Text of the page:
The National Academies: What You Need To Know About Energy

The National Academies

What You Need To Know About Energy

Renewable Power Pathways: A Review of the U.S. Department of Energy’s Renewable Energy Programs (2000)

The goal of this study was to assess the Department of Energy (DOE) research initiatives underway at the Office of Power Technologies (OPT), part of the Office of Energy Efficiency and Renewable Energy. Some of these programs are focused on photovoltaic, wind, solar thermal, geothermal, biopower, and hydroelectric energy technologies, while others are focused on energy storage, electric transmission (including superconductivity), and hydrogen technologies. The NRC found that while most of DOE’s goals and objectives for cost and technical performance for renewable energy technologies have been met or exceeded, and the advantages and disadvantages of the various technologies are now well understood, the agency has been less successful in meeting its goals for deployment. As a result, the recommendations in the report stress the need for OPT to work on this problem by taking several steps, including initiating a strategic plan development process and formulating a robust rationale for its portfolio of renewable energy technology projects. The long-term goal is to develop a sustainable, cost-effective energy supply system for domestic and international markets.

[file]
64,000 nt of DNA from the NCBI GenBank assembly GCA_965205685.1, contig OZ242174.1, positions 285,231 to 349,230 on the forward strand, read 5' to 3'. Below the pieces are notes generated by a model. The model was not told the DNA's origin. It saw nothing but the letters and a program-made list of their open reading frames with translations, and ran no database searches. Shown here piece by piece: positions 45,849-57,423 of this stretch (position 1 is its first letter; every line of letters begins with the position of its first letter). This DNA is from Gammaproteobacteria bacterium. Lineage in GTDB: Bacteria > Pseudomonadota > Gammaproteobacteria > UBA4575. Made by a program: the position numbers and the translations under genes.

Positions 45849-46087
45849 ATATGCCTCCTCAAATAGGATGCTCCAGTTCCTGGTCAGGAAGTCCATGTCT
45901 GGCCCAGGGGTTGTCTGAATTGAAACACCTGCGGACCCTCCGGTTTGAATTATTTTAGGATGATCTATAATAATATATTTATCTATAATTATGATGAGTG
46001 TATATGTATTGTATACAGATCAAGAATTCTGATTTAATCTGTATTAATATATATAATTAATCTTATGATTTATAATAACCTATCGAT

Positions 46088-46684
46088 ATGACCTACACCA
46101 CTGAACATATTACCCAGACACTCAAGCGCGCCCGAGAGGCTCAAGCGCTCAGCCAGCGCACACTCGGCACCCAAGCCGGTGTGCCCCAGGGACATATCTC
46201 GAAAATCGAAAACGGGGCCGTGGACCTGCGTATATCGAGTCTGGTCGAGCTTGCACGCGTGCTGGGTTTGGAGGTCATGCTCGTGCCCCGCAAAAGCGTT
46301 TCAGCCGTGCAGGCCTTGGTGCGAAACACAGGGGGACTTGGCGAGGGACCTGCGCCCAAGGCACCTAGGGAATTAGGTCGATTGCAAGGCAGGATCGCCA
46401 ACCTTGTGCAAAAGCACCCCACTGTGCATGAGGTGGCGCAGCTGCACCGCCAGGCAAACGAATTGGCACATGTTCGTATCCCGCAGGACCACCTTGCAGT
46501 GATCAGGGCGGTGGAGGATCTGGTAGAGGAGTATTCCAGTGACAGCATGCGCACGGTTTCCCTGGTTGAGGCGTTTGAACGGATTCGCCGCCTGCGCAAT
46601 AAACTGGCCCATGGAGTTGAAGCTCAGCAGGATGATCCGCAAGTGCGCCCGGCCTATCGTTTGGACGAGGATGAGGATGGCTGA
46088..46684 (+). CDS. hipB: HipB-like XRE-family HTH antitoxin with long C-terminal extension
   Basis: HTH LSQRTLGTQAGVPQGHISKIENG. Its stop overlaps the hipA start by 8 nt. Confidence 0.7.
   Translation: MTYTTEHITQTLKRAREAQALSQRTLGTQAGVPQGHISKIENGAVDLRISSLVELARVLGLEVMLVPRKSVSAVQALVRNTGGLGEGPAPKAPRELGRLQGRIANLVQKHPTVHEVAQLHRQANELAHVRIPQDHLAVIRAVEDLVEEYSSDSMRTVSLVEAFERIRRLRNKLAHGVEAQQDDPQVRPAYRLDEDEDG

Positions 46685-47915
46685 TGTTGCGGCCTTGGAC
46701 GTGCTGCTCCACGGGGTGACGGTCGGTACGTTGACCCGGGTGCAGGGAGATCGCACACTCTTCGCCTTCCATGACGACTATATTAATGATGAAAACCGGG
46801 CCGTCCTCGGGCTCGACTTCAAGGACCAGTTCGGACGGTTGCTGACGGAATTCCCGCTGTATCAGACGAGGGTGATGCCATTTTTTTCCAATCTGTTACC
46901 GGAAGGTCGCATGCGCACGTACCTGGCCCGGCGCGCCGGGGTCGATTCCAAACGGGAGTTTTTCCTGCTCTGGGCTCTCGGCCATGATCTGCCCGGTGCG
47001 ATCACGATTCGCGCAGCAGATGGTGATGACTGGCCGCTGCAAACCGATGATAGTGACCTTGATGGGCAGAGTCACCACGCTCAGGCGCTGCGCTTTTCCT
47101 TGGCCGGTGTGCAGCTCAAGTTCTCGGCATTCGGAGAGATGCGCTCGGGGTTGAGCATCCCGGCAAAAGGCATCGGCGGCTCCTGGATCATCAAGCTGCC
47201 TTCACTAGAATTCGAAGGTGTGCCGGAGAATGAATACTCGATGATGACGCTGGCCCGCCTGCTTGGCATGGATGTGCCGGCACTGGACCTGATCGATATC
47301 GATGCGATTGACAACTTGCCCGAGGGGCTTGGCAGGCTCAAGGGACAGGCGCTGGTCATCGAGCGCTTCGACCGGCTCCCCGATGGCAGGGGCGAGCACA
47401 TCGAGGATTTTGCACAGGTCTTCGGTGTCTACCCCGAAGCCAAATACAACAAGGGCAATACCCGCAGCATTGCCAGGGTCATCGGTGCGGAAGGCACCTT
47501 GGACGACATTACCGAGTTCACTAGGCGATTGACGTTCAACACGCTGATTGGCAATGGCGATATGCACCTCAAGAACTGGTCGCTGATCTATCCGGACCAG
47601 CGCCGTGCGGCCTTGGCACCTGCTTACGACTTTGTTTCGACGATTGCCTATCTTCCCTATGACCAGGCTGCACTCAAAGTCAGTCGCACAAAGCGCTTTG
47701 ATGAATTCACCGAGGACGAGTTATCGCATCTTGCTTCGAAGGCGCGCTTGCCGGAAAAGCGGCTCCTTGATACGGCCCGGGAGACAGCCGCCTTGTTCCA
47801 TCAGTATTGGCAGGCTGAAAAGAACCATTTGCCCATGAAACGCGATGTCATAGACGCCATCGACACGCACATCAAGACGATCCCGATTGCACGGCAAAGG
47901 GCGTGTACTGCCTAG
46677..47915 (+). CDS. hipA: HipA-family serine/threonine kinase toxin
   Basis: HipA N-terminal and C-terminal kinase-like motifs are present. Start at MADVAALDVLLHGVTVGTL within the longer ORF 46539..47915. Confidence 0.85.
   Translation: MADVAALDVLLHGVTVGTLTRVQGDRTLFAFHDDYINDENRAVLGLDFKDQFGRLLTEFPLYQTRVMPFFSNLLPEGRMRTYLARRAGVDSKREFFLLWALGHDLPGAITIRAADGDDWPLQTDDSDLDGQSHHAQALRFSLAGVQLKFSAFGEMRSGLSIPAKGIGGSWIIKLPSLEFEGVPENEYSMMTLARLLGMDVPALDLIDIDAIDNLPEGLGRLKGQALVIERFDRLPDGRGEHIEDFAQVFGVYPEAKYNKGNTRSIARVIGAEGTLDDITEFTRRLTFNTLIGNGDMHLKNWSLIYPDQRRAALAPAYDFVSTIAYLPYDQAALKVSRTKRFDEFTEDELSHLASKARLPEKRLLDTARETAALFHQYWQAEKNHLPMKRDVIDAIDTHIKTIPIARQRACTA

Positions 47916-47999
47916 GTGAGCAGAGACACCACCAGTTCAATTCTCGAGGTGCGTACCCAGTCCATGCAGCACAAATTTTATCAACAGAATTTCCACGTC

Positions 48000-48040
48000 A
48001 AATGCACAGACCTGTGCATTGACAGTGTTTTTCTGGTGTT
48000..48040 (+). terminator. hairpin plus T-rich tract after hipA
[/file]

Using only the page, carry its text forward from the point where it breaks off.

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What do you know about energy?

True or False: Burning coal in electric power plants is a major source of CO2 and other emissions. However, its use doesn't have negative consequences beyond the emissions caused by combustion.

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    Mining coal disturbs the land and modifies the chemistry of rainwater runoff, which in turn affects stream and river water quality.

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    Mining coal disturbs the land and modifies the chemistry of rainwater runoff, which in turn affects stream and river water quality.